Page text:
Капка Касабова

Капка Касабова
© Личен архив, Капка Касабова

Текст оригинал (английски)


Though I didn’t know it, and despite the iron curtain, I grew up in Bulgaria as a deeply, old-fashionedly pan-European. As a child, I knew how to scale resiny fir trees in the mountains, how to gather wild berries in late summer and preserve them, taught by my grandmothers, and how to pick lime-blossom and elderflower in spring and make tea and cordial for hayfever, how to make yogurt – and that family mealtimes were sacred. On television, I watched Russian war films, soulful Italian and French dramas, zany Czechoslovak series, and even the odd Hollywood blockbuster about the Roman Empire, like Spartacus (who, having been born in today’s Bulgaria, was clearly European).
Emigrating as a teenager to New Zealand, and later as an adult to Scotland, I was surprised to find that this had not been the formative experience of my generation in the Anglo-American-Antipodean world. That they had a whole other world of songs, jokes, and TV characters to quote, and that ‘pantomime’ in Britain meant something very different from the art of Marcel Marceau.
No matter what happens to Europe, I have seen the essential Europe I love and carry in my bones, a continent whose secret histories and inflections weave themselves into everything I write and everything I am.
Europe of forested seasons and ancient languages spoken by people with faces tattooed with harshness and forgiveness.
Europe where borders and peoples have moved across the land like spilled mercury, leaving memory stains.
Euro-Africa of the seedy ports where the red wind of the Sahara blows in.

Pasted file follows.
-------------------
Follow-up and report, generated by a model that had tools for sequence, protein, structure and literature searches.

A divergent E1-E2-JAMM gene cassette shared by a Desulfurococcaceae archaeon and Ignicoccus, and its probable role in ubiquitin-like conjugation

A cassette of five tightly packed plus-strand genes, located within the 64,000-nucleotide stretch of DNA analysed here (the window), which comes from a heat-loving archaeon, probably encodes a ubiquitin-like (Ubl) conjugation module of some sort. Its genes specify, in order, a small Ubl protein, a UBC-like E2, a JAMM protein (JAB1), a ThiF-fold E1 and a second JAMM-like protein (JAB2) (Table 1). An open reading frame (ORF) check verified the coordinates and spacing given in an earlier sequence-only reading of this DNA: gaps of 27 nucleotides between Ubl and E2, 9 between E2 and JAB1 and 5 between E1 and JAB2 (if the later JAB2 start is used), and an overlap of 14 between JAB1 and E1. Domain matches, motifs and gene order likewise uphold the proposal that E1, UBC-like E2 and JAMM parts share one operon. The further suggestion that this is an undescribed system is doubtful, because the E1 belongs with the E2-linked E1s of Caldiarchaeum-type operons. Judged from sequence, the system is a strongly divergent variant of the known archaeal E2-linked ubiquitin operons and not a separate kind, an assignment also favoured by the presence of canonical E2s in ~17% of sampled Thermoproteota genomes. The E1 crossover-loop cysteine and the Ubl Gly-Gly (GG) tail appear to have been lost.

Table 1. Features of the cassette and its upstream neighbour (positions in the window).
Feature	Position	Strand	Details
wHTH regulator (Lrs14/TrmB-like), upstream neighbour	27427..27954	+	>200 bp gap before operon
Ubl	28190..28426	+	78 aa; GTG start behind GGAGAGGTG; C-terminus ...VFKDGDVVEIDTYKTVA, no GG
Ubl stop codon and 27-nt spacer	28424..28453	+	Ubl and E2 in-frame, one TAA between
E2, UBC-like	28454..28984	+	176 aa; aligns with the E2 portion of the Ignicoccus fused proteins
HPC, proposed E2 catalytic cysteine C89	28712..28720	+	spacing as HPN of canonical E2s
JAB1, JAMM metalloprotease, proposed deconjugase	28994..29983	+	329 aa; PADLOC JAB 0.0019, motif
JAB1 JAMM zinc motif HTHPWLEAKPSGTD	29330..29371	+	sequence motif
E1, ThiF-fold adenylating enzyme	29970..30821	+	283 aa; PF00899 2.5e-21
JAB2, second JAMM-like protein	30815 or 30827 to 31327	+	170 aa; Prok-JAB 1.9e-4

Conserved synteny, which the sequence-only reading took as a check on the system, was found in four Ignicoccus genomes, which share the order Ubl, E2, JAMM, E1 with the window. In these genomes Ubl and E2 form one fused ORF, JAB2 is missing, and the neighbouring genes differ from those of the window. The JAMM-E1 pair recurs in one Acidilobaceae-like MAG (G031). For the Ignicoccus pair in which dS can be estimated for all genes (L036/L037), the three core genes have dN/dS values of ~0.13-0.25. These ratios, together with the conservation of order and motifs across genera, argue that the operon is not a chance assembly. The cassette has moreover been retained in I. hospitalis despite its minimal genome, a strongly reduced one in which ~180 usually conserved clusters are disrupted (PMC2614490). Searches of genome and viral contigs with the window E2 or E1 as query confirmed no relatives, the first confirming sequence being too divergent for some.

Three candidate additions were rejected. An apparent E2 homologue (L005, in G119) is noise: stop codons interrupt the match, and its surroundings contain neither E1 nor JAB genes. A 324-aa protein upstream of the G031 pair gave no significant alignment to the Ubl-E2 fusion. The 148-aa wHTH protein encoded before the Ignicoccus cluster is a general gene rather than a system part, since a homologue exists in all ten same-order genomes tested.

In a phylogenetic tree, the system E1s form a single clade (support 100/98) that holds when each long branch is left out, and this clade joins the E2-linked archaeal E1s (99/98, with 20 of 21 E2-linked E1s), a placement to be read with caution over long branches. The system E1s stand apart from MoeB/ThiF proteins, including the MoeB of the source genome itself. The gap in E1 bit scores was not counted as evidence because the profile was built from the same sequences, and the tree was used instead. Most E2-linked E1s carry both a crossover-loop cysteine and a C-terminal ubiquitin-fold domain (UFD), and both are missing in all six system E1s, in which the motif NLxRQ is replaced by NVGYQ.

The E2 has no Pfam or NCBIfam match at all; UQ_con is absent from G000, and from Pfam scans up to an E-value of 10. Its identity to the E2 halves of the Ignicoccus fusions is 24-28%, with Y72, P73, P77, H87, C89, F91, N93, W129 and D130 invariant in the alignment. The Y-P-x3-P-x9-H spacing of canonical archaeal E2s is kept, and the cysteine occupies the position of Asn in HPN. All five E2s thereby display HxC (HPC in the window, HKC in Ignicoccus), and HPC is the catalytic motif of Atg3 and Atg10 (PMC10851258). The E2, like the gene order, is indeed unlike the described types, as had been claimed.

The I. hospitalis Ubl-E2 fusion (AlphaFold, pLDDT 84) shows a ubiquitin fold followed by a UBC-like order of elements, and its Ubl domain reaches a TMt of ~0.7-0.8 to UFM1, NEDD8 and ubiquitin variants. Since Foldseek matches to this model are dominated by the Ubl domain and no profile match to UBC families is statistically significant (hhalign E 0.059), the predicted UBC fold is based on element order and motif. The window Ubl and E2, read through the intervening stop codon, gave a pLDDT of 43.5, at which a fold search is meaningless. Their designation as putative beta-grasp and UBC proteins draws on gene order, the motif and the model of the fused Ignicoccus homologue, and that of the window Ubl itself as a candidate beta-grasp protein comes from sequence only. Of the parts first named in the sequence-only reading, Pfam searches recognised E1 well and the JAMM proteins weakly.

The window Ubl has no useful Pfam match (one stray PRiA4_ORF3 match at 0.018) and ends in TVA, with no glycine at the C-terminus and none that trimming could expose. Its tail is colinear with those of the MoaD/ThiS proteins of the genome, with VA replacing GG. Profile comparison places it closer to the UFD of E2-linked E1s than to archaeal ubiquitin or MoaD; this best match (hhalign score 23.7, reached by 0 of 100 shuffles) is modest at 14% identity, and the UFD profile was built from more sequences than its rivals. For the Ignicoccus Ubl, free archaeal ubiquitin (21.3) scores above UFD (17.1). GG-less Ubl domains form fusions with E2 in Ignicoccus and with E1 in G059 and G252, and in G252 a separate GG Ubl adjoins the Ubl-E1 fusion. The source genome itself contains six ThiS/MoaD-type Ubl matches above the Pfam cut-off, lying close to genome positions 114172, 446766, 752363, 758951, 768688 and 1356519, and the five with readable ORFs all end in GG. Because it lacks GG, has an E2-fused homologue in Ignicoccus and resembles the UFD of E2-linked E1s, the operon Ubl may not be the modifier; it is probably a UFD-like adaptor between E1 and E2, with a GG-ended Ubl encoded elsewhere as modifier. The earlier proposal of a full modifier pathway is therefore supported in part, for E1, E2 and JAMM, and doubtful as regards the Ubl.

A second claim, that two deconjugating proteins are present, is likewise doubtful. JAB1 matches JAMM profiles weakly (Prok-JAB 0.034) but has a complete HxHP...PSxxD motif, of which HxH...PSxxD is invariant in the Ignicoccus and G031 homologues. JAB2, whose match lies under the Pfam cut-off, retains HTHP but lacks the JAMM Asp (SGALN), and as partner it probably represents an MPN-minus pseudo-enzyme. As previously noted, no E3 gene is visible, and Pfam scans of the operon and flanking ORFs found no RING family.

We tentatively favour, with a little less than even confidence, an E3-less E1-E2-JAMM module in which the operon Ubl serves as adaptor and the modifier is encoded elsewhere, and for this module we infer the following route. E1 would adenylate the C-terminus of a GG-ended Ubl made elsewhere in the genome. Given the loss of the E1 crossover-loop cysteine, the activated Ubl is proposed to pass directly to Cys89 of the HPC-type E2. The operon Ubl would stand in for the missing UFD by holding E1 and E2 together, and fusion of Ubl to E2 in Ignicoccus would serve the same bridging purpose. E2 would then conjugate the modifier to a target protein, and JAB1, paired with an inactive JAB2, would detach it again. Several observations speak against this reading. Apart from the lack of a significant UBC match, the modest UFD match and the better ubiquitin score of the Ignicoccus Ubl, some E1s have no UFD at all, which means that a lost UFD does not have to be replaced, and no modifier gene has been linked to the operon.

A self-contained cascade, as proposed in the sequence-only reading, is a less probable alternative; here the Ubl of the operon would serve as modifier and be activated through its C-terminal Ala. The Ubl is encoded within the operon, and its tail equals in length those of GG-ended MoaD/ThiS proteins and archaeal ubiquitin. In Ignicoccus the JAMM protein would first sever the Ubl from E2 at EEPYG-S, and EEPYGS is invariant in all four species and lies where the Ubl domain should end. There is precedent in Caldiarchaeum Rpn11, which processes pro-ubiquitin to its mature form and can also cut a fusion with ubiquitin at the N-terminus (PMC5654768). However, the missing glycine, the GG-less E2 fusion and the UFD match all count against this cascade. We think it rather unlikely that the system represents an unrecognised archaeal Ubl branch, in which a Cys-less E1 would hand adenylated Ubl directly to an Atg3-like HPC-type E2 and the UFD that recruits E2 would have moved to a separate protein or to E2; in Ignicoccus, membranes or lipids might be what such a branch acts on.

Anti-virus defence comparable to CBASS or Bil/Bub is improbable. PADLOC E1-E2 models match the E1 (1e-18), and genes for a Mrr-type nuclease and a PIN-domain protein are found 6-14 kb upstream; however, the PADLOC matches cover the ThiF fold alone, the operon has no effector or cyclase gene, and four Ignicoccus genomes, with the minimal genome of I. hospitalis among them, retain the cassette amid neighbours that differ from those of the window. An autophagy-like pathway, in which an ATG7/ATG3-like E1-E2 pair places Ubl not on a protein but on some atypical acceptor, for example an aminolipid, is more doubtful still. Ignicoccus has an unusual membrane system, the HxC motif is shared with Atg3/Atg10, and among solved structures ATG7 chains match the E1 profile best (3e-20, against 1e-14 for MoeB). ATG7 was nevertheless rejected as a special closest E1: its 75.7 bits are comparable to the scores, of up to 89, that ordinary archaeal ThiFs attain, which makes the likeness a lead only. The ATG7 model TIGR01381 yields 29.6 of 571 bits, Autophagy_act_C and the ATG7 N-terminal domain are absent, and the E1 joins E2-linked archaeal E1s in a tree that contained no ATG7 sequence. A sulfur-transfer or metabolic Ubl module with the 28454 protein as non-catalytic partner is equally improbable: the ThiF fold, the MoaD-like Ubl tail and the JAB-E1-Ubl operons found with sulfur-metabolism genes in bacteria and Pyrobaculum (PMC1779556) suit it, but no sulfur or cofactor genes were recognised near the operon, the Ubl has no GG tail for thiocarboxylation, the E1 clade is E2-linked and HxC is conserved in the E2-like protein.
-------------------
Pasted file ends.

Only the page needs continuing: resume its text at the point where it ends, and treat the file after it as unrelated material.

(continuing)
Europe that rises from the ashes of its own murderous madness.
Europe of neighbours and intermarriages, not militarised borders.
Balkan, Eurasian, oldest of Europe, where the confluence of East and West is a tangle of rivers running into the Aegean.
Europe not of the engorged imperial capitals, but of the potholed roads between villages with names difficult to pronounce, of fishing towns and islands with lanolin jumpers, of lonely coastal cottages, of Orcadian graffiti scratched by Vikings in a moment of drunken immortality.
I struggle to separate the Europeanness of the British Isles from the rest of European Westerndom. To me, a child of the European East, they are civilisationally one. And if we go back far enough, everything came to Europe from the East: people, ideas, wine, wheat, gold, prophets.
Travelling along the lethal iron curtain of my childhood, now on history’s scrap-heap, I saw this: the destiny of all walls is to crumble, no matter how many lives they smite and how permanent they look. A border crumbles and you see that the neighbour looks like you. Borders are mirrors in which we see our true reflection.
This is my difficult Europe – a continent of lessons so hardwon they bankrupt us, of vanishing borders, of last-ditch chances and unbelievable stories of escape, of people like you and me and our grandparents, who carry the heartbreak of four wars on European soil within just three generations: the Second World War, the Greek Civil War (1946–49), the Yugoslav Wars (1991–2001) and the Cold War (1945–89). This is my Europe – where so much suffering has been carried by so many for so long, that being human must surely be enough, for us to continue. It is enough for me. Enough.
A Love Letter to Europe, Coronet 2019


Био (английски)

Kapka Kassabova is a writer of creative non-fiction, poetry, and fiction. Her work explores the alchemy between places and people, geopolitical ‘peripheries’, nexus of cultural confluence or conflict, and geographies both inner and outer. Border (2017) and To The Lake (2020) explore the multiple narratives of the ancient trans-boundary human geography of the southern Balkans. Her ongoing work continues the narrative enquiry into nature and culture, trauma and transformation, collective ailing and the search for healing.

Kapka Kassabova is bilingual in English and Bulgarian, and reads French, Spanish, and Russian. Her reviews and essays have appeared in The Guardian, The Financial Times, The Times Literary Supplement, The Sunday Times, The Scottish Review of Books, The Economist 1843 Magazine, The New Statesman, Prospect, The NZ Listener, Metro Magazine NZ, Granta Magazine, World Literature Today, Tin House, Aeon, Belgium’s De Standaard, The Spectator, and Vogue.